“Maggie’s Plan,” directed by Rebecca Miller, is an out-of-control movie about control. Maggie Hardin (Greta Gerwig) wants a baby — no sex, strings or spouse attached. The uncomfortable, unsatisfying and unrelatable film follows Maggie through her convoluted schemes in life and love to make that dream of single motherhood into a reality.
Maggie is a 30-something living and working in New York City without any defining characteristics beyond her serious need for a baby and a serious desire to do it on her own. She changes her tune when she meets John Hardin (Ethan Hawke), a dashing “ficto-critical anthropologist” and aspiring novelist. Their friendship blooms until the two strike up an affair, for which John divorces his wife, the brilliant and ice-cold academic Georgette (Julianne Moore).
Two years later, Maggie and John’s affair has produced the child she always dreamed of. But Maggie is unhappy. John spends too much time working on his novel and remains alarmingly close with his ex-wife, and Maggie seems to wish that she had stuck with her original plan to become a parent all on her own. With the help of her two best friends Tony (Bill Hader) and Felicia (Maya Rudolph), Maggie concocts a gallingly manipulative plan to reunite John and his ex-wife, and at the same time fulfill her goal of being a single mother, in a childish pipe-dream of control.
“Maggie’s Plan” — just like Maggie’s plan — is poorly made and confusing. The film’s premise is ridiculous in every single way, and there’s an odd discrepancy between the way in which the film presents itself and its actual content. “Maggie’s Plan” is billed as a comedy about a cute, quirky woman who wants nothing more than to raise her baby. Yet it isn’t sweet, but gruesome: A man’s former mistress tries to manipulate her world so her now-husband cheats on her with his ex-wife and she can be free to raise their baby on her own. Perplexingly, the film ignores this ugly reality to revel in Maggie’s indecision, as if it’s revealing some sort of grand truth about modernity or moral relativism or marriage. (Hint: It’s not.)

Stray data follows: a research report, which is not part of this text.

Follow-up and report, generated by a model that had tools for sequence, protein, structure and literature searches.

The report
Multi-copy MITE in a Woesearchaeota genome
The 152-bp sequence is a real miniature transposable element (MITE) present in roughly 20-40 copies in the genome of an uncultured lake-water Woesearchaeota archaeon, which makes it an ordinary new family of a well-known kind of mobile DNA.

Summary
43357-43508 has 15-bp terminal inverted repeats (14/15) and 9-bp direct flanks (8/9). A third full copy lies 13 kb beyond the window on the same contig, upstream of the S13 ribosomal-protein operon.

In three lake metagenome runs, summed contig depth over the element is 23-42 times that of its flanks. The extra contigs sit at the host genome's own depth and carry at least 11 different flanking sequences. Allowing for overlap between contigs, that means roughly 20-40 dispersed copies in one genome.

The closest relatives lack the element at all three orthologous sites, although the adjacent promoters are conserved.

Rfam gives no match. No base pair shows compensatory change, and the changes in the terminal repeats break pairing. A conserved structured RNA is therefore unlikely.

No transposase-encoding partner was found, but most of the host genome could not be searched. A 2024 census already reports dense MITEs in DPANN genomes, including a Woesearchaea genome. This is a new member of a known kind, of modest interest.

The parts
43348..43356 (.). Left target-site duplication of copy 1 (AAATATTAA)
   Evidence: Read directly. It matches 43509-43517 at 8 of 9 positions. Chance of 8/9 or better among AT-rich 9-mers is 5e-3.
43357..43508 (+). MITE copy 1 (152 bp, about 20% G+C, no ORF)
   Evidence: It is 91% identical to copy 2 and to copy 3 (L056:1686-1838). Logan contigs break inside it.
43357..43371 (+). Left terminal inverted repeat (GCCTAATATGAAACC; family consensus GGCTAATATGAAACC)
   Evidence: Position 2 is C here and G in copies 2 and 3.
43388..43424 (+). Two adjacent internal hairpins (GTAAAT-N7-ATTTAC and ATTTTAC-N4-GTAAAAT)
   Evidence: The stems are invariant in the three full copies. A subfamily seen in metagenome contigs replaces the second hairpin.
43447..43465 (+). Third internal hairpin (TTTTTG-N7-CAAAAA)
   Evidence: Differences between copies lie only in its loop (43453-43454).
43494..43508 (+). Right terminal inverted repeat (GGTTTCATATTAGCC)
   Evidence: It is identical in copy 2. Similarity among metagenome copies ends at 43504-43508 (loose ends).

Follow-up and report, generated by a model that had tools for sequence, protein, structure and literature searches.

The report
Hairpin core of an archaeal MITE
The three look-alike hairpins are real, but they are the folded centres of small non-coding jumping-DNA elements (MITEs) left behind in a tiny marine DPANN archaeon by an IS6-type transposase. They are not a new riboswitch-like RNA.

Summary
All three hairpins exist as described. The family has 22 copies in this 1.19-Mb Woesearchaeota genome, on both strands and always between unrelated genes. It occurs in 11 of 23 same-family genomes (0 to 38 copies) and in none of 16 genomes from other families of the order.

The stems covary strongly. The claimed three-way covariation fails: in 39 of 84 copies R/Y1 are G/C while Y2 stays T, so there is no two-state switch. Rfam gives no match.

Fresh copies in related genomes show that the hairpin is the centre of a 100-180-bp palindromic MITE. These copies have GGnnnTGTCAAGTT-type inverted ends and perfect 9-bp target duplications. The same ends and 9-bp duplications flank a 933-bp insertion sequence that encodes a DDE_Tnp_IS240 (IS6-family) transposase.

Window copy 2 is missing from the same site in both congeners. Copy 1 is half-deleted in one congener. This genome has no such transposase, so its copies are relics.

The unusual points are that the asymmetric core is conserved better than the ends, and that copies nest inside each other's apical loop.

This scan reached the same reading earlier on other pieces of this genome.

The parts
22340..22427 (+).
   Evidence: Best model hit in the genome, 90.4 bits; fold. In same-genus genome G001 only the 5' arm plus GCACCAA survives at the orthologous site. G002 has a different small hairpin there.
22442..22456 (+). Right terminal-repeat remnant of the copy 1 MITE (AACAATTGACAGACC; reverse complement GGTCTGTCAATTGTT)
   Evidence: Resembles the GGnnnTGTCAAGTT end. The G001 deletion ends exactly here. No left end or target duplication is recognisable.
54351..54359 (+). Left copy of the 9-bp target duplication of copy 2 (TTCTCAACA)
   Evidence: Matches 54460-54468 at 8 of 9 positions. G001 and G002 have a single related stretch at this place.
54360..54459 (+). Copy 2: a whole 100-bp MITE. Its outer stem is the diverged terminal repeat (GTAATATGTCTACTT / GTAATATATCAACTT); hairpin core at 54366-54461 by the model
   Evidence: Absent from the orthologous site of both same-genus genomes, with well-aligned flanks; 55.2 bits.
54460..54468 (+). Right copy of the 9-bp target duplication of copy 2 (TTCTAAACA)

Beyond its faux-profundity, the film is just unorganized. “Maggie’s Plan” has no dominant tone, dancing instead on the border between comedy and tragedy. It’s “Unfaithful” meets “Amelie” or Woody Allen meets Wes Anderson, a perverse balancing act in the worst way. It revels in self-conscious quirkiness — that kind of cringey-cutesy “adorkable” alternativeness that makes some people hate Zooey Deschanel.
What’s more, “Maggie’s Plan” glosses over important details in its own plot — most notably, Maggie’s and John’s love affair. The film’s ungraceful transition from friendship to troubled marriage buries the passion that drove John to leave his wife in the first place, ratcheting up the already high degree of absurdity that characterizes “Maggie’s Plan.” It’s a slip that might be ignored if the film had some sort of saving grace to charm the audience, but none exists.
For the most part, the acting is poor. Hawke and Gerwig have no sexual or romantic chemistry.
The unaware viewer might surmise that “Maggie’s Plan” is a film about adult friendships, rather than a series of affairs that leaves two families reeling. Julianne Moore, Bill Hader and Maya Rudolph are the film’s saving graces, playing brutal and complex (Moore) as well as funny (Hader and Rudolph) characters to balance out lackluster performances on both Gerwig’s and Hawke’s parts.
“Maggie’s Plan,” thanks to an outlandish plot and uninspired acting, offers little insight into the complexities, difficulties or rewards of either romance or child-rearing. Seeking to shed light on the interwoven power and control dynamics driving adult relationships, “Maggie’s Plan” simply plunges viewers into a deeper darkness of confusion. Maybe next time, Maggie can plan not to be so horrible.
Contact Sarah Coduto at [email protected].